The Popular Resistance inside Aden is not fighting on a religious basis but from a political perspective, aiming to prevent the expansion of Al Houthis. The same is true of the Popular Resistance in northern cities, while their enemies � Al Houthis and Saleh loyalists � see their fight from a sectarian perspective. They say they came to fight extremist groups, which is a paradoxical and irrational.
This may cast doubt about the limits and reality of the sectarian element in the Yemeni crisis and put the conflict in its proper context as a war for specific political goals. The sectarian element is certainly being used to nourish the conflict in this dispute.
The strange contradictions between the various parties, even among those fighting from within the same trenches, increase the complexity of the problem in Yemen, making it more difficult to diagnose and solve.
What is happening now in Hadramout � in the divisions between political forces on the ground between Al Qaida, the National Council, the local authorities, and those supporting upholding of legitimacy � may indicate that the alleged Al Qaida under the leadership of Khalid Batarfi in Mukalla does not have the upper hand in Hadramout. And is not expected to do that in the near future.
Maneuverability of terrorist organisations in Yemen poses questions about the numbers of those organisations, their prevalence, and their current roles in the military confrontations in Yemen, especially in nourishing and enhancing the sectarian element.
Daesh�s unsuccessful attempts through questionable videos and Twitter declarations to affirm its presence in Yemen is mainly aimed at attracting a mass momentum of Muslim youth, especially through exploiting the confrontations in Yemen and concentrating on Daesh�s role in the fight against Shiites. Daesh claim to have killed a group of Al Houthis in Shabwa in April may back this interpretation.
Daesh as an organised structure with military bases and media outlets does not exist in Yemen. But that does not mean there are no small groups or individuals loyal to Daesh scattered in different parts of Yemen; however, they do not form the basis for a future emergence of Daesh in Yemen as a terrorist entity that may compete with Al Qaida in the Arabian Peninsula. As a result, it is difficult for Daesh to establish a strategy to �remain and expand� in Yemen, which is a characterisation of its strategy that was addressed by researcher and former US intelligence officer Jessica Lewis McKevitt in regard to Daesh strategy in Iraq.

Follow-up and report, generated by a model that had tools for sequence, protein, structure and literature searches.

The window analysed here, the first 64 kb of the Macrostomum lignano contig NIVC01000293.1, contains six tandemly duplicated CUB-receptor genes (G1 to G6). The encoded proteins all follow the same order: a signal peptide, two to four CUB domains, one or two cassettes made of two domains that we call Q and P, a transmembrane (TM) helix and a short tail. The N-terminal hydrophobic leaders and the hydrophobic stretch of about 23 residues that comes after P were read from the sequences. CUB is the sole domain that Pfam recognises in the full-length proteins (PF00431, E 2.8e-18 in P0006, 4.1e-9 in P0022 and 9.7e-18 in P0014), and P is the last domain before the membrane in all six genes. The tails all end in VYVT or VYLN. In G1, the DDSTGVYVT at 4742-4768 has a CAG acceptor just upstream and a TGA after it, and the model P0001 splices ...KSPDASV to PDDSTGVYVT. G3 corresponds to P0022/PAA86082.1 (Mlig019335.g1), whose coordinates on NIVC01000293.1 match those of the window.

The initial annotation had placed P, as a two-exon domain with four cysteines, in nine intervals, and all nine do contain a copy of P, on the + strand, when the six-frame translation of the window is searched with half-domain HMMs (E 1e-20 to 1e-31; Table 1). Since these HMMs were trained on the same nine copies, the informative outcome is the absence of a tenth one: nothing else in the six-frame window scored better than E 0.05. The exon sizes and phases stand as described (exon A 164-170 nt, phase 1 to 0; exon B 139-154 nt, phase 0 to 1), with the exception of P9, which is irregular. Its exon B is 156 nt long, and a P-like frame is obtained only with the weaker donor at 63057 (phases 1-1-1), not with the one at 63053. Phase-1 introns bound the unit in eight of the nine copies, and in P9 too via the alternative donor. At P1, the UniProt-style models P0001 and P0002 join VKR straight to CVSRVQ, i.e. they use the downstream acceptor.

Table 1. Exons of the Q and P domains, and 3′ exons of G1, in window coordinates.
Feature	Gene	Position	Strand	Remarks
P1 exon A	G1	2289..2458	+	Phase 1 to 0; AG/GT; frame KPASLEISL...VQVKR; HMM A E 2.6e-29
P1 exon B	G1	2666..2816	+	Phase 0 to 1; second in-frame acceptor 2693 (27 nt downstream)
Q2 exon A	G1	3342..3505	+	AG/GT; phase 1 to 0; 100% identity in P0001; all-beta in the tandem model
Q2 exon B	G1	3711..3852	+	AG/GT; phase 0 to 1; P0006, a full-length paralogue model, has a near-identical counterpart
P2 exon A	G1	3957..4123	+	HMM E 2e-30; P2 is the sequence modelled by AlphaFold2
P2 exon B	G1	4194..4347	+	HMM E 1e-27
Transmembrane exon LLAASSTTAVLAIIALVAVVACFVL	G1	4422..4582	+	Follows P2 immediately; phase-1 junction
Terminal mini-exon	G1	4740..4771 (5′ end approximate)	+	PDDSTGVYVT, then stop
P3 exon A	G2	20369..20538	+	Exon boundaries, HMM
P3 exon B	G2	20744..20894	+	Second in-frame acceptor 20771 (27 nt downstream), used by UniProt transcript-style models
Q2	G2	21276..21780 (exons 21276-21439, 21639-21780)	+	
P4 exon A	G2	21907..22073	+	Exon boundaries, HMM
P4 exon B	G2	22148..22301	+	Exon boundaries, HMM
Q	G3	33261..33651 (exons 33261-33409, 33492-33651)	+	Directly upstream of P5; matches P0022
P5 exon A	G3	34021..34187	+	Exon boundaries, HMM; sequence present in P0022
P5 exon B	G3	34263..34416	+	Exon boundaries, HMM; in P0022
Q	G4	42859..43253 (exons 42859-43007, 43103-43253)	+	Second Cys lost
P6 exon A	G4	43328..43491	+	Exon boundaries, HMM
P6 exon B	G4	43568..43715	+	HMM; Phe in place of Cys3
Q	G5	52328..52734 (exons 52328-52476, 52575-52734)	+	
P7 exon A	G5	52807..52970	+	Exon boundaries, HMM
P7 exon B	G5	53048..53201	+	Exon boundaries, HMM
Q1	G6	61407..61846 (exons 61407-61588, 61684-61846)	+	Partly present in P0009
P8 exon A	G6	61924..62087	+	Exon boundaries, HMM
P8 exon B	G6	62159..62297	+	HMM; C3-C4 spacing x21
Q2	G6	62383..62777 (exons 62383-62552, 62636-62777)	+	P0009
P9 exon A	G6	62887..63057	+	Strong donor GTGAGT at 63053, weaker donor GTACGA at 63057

Vows made by Qasim Al Rimi in Abyan and Nabil Al Dahab in Radaa about the so-called Ansar Al Sharia attacking Al Houthis may indicate that the various extremist organisations in Yemen share the goal of eliminating Al Houthis. But the dilemma may arise in some attempts to shuffle the cards and take advantage of this trend among extremists, and to put the Popular Resistance in the same trench as the terrorists. In fact, this is what Al Houthis themselves are doing right now.
Al Houthis� own way of fighting whether in the South or the North is based on a shaky logic of portraying various Yemeni citizens as Takfiris, which is alarming. On the other hand, some elements in the opposite front are proceeding with their war against Al Houthis along sectarian grounds. Sadly, this attitude has begun to spread progressively among the Yemeni people themselves. Getting rid of this destructive approach will help to conquer fanaticism and could open the door to finding a solution for Yemen�s ongoing crisis. It also could bring about the spirit of compromise in any possible political dialogue in the near future.
Originally published May 31st 2015 in Gulf News